If you’re just starting out, there’s nothing wrong if you want to start at Blogspot or WordPress.com or Wix. They’re great places to get your feet wet and to get you a basic knowledge of websites and what they can do. But eventually you’re going to want to have a domain name that you own where people can find you. That you can set up exactly as you want it.

There are three kinds of websites: those free to set up, those you have to pay a monthly fee, and those you own. The boundary lines between the first two options are blurred because a service such as Wix or Weebly offer both free and paid plans. Just keep that in mind as we discuss the options below.

A. Free Plans: Blogspot, WordPress.com, Wix, Weebly.

If you know nothing about websites or computer programming, these are ideal places to start. They have free plans that allow you to build your website using a template, which is a bare-bones skeleton of a webpage. To do things like change the color, fonts, and add stuff, you drop icons onto a page to make it look the way you want it to. This is called “drag and drop programming,” but no code-writing actually takes place.

The advantage of this plan is that it’s free, you can get a website up and running very quickly, and you don’t have to deal with more complex issues such as buying a domain name, finding a company to host your website, telling its servers where to find your name, and some of the more technical details of running a website.

The disadvantages of a free plan are that, as we said earlier, your fortunes are tied to the fortunes of the company. If the company goes down, your site goes dark. Not only do you have to scramble to find another hosting service to get your website back online, but you’ve lost any search engine optimization juice you have built up by being in the same place over a long period of time. Until the search engines catch up to your new location, can expect to see a drop in visitors to your website.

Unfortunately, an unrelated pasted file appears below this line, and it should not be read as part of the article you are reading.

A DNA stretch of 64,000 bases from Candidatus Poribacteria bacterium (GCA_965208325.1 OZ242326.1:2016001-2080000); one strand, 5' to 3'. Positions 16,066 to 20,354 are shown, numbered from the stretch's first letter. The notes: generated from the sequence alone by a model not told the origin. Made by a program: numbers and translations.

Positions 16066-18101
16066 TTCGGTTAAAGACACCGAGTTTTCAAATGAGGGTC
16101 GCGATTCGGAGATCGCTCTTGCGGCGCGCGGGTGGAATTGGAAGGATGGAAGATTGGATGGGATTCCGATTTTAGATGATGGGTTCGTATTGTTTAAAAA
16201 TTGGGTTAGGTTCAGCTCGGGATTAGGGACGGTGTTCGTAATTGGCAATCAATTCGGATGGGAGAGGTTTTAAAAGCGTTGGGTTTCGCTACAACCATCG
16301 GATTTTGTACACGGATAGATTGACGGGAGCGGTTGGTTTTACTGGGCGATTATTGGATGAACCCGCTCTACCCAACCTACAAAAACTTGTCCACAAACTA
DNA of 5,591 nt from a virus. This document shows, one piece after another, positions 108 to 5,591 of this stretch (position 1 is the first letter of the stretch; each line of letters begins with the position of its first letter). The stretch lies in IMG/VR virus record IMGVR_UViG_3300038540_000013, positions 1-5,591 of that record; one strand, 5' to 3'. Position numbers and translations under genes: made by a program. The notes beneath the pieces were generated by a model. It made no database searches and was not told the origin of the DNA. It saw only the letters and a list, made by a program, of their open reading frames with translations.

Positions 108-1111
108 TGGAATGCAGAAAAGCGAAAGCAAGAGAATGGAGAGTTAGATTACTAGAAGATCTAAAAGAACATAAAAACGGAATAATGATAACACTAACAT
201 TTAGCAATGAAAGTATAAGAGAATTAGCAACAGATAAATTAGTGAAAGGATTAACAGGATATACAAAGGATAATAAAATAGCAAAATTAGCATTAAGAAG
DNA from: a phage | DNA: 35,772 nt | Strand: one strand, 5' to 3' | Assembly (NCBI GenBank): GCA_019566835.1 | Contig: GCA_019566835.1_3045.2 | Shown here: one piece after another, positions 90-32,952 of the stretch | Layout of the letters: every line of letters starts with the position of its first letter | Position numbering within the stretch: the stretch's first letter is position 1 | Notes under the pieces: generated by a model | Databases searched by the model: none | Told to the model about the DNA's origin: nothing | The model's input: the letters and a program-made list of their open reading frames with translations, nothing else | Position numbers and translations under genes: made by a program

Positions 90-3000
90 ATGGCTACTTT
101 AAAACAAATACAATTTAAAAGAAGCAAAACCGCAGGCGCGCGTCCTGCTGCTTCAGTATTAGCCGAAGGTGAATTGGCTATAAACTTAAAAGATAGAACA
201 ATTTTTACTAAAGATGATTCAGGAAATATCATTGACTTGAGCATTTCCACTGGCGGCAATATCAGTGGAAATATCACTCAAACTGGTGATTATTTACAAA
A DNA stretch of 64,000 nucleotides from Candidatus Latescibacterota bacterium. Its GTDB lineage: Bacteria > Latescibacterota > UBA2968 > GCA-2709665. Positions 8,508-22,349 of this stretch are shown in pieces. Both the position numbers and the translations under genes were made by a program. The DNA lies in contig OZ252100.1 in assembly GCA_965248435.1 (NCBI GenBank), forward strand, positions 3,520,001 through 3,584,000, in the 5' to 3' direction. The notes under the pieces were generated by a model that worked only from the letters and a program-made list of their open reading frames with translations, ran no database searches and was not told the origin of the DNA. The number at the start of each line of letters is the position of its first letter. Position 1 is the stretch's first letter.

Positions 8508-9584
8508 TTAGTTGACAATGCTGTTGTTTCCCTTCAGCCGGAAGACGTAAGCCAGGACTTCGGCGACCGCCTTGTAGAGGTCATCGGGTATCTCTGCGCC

Another disadvantage of these free plans are that they make you use a domain name that identifies you as a cheap author. Instead of having a domain name such as www.billpeschel.com, you will have www.wix.billpeschel.com. I don’t think you be penalized too much for having a cheap domain name like this, but it’s not going to help you either in terms of your reputation. Eventually you’re going to want to live at www. billpeschel.com. So why not start now?

The company also has the right to run ads on your pages. If you want those removed, you’ll have to pay them.

Another free option is Blogspot, run by Google. It’s a free service, easy to set up, and because it’s run by Google, you get an advantage in search results from that company. Blogspot sites are very limited in terms of design. I’ve seen some that looks very nice, but plain. If you don’t mind that, this could be an ideal solution.

(By the way, I happen to know at least one experienced writer who has been on Blogspot for many years and continues writing for it to this day. Visit Lynn Viehl at http://pbackwriter.blogspot.com/ and see what can be done.)

B. Paid Hosting

The next step up from free hosting is paid hosting. At some point, you may get tired of seeing your name connected with the hosting company in the domain name, you may want more bells and whistles for your site, and you may wish to remove the company’s advertisements from your blog (this is why you’re paying nothing).